Ajay Shah pointed to this intriguing speech from Glenn Stevens, Governor, Reserve Bank of Australia. The speech is about how Australia went about reforming its monetary policy and more importantly the way it managed the surging capital flows in the country.
Australia too has struggled on occasion with capital flows and their complicating role for the conduct of monetary policy. But Australia’s biggest problems for the conduct of monetary policy came in the days when capital flows were more restricted than they are now, but financial prices were regulated. In those days – and I refer here to the period before the decisions in the early 1980s to allow markets to set the exchange rate and yields on government debt – the problem was basically one of monetary control: policy‑makers could not accurately control the amount of settlement funds available to the banking system because domestic policy actions to control these funds were often over‑run by foreign operations we had to undertake to clear the foreign exchange market at the nominated exchange rate.
He goes on to show how Australia just could not manage the 3 things together- price stability, rising inflows and currency management. However, despite all the attempts it just couldn’t stop speculation on currency.
Attempts to frustrate the speculators were unsuccessful. Inflows continued. Finally, the exchange rate was floated on 12 December 1983 and most of the remaining capital controls were removed simultaneously.
Australia was one of the few countries to have taken a decision to float when the currency was under upward pressure, because the capital inflow just could not be adequately absorbed. The decision has rightly been regarded as one of the most important ever taken by an Australian Government in the field of economic policy, for a number of reasons.
This speech must have delighted most economists who say RBI should let exchange rate float. However, at the end, he offers words of caution:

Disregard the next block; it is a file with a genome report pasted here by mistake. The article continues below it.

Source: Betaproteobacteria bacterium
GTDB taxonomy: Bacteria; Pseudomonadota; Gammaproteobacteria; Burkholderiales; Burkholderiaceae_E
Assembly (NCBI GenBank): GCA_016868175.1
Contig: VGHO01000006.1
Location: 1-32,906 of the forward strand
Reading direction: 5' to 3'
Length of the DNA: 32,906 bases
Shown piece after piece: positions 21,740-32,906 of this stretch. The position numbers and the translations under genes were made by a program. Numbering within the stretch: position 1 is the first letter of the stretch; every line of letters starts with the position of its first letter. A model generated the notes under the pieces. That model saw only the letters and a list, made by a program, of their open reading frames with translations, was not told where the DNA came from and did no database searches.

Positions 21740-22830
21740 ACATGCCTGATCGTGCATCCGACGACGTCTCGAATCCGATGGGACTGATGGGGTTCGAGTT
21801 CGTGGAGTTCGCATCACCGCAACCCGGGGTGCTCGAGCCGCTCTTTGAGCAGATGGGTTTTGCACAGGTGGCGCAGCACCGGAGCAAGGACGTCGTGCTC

Of course, it took some time to get to this position. I recognise that many other countries in the region are in a different position. Many are more open, so with perhaps less scope to allow large exchange rate moves without significant first‑round inflationary or deflationary effects. Others are still working to develop stronger domestic monetary policy frameworks. Hence, these countries probably tend to worry more about the flightiness of international capital flows than do we. Nonetheless, it does seem to me that Australia’s experience offers reasonable grounds for thinking that, over time, these problems can be contained sufficiently so that we can enjoy the benefits of openness to capital flows without too much cost.
The crux of the speech is how Australia managed capital flows and let its currency appreciate. But he offers two valuable lessons at the end – 1) all the stability took time and 2) stage of development matters.
Now if we juxtapose the Australian experience with that of India, is it the right time for India to let rupee go? What are the costs and benefits for doing the same? The research and ideas should focus on the policy design given Indian conditions; not on whether RBI is doing things right or wrong.